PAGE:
It would be hard to top this combination: an almost cloudless summer sky above the Swiss Alps, a broad assembly of varied music in three different concert venues, and a hike up to the noble “Schatzalp” Hotel, once the sanitorium that author Thomas Mann cited in The Magic Mountain. Such was the scheduled second Festival Tour concert of the Davos Festival Young Artists’ programme: a winner if ever there was one.

Amaury Viduvier © Yannick Andrea, Davos Festival
Amaury Viduvier
© Yannick Andrea, Davos Festival

First, at the Herz Jesu Church in the middle of town, Amaury Viduvier starred in a rendition of Olivier Messiaen’s L'Abîme des Oiseaux for solo clarinet, a challenging piece that he began almost as an inaudible private prayer, but in which he later argued convincingly for the beauty of the single line. On his heels, were the seven voices of the Women’s Choir, who, while standing in a formal, closed circle on the church’s raised apse, sang two meditative works by the modern composer Giacinto Scelsi. The Ave Maria was an appeal for protection, the Alleluia, sung to Her glory.

The highlight of the Herz-Jesu concert, though, was the stunning suite for solo viola Pirin by Dobrinka Tabakova, whose almost gypsy-like intervals, mesmerizing repetitions and tempi changes that violist Hana Hobiger mastered beautifully.  

The English church, or next venue, isn’t far away, and the second concert began there almost immediately. I sat as far forward in the church as possible, keen to see as much expression as I could among the singers in their tightly enclosed circle, and pleased when I could identity the soloists in one of the two works they sang by Hildegard von Bingen. Clearly, they take that circular form for the integrity of their collective voices, but barring the wonderful mane of Pre-Raphaelite red tresses that fell behind one, the closed circle strips the audience of any glimpse of them as individuals.

<i>Immer mit der Ruhe</i> © Yannick Andrea, Davos Festival
Immer mit der Ruhe
© Yannick Andrea, Davos Festival

The accomplished Hugo Ticciati, concertmaster of the Davos Festival Camerata, then played Bach’s Partita no. 2 in D minor, establishing himself firmly in the ranks of virtuous Bach-ables, but including dozens of variations that, as gifted as he is, were just too long for my taste. He also led the Festival Camerata Orchestra in a lovely version of Samuel Barber’s Adagio for Strings, which was especially moving in light of a bronze plaque that faced me in my pew, which read: “In loving memory of Edward John Pilkington, died Davos, December 27 1930, aged 26.”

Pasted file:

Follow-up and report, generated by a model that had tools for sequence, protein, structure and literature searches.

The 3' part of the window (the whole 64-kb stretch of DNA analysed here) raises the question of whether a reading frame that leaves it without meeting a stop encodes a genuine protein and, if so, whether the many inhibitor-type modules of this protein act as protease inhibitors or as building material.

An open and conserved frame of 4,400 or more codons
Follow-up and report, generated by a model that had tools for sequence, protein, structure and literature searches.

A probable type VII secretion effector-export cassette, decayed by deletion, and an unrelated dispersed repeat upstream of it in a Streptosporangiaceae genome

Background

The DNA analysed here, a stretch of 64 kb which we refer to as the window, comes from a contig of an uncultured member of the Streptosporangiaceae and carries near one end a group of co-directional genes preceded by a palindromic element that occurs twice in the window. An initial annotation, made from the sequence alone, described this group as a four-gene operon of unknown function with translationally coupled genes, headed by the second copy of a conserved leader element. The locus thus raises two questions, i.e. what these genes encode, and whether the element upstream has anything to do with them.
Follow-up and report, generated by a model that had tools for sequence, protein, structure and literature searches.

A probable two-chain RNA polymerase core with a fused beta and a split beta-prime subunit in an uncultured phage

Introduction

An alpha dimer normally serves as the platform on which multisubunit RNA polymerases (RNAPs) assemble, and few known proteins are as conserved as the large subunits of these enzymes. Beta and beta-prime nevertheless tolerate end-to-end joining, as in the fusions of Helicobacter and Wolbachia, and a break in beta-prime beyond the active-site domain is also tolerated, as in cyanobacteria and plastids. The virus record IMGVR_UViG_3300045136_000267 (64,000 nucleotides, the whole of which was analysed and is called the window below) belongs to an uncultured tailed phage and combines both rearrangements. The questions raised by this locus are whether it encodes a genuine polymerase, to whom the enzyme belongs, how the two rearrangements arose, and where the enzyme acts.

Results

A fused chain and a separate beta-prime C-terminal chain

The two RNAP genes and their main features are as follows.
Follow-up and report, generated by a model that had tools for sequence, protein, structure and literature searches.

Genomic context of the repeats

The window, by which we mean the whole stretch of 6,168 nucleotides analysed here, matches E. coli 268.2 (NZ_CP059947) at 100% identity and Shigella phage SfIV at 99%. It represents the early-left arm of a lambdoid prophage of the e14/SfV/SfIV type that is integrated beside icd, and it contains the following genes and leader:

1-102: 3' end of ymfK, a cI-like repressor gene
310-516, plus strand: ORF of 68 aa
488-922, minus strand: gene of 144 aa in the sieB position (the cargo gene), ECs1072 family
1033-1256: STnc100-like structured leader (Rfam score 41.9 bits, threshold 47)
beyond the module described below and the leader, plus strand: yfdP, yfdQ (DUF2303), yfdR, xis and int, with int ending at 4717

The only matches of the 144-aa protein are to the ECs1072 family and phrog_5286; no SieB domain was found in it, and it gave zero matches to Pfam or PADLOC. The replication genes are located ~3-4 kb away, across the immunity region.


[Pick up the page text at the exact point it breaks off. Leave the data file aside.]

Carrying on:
Next on the programme was the 300-metre ascent to the Schatzalp for those who were game for a hike of a little more than one hour. It led up through the woods to the restored and strikingly beautiful Hotel Schatzalp. It was there, in the tearoom, that the third of the day’s concert tour offers was performed. We in the audience took our rest and enjoyed the gracious Jugendstil decoration of what was once one of Davos’ 26 different sanatoria. Understandably, the majority of them lost all their business owing to the discovery of antibiotics that brought a cure to tuberculosis. 

First, in that historic, gracious setting, and accompanied by pianist Esther Kruger, the young soprano Nadia Catania sang Gustav Mahler’s timeless Ich bin der Welt abhanden gekommen from the Rückert-Lieder. The singer’s nerves made hers less than a perfect rendition, but she is certainly on her way to a fine voice. A relaxed conversation with the violinist Patricia Kopatchinskaja followed, wherein one learned of the gratitude she has for her life here in Switzerland and the amusements of her dreamlife. What’s more, she contended that in her music, “the brain has be spooned in slowly, the hands must simply follow”, and she shared that in the music she plays, “the finest moment is when everything else disappears, and only the piece is present”. It was just unfortunate that her interviewer’s voice was hard put to carry even with gross adjustments to the sound system.

Finally, our “tour” enjoyed a fine performance by the talented young pianist Frederic Bager, who played Franz Schubert’s Piano Sonata in B flat major, D.960 for an audience of some 80 people. While in this classic pièce de la résistance of the early Romantic repertoire the notes seemed just to ease from his fingers in the tender passages, he showed tremendous power and volume at the other end of the spectrum too. The playfulness he brought to the third movement, for example, was infectious, while the fourth took a prize for playful. In command of a great musical gift, Bager nevertheless seemed a humble young man, and was pleased as punch with the final applause. Rightly so, for his Schubert put us just about as close to Heaven as any Swiss Alp can get. 

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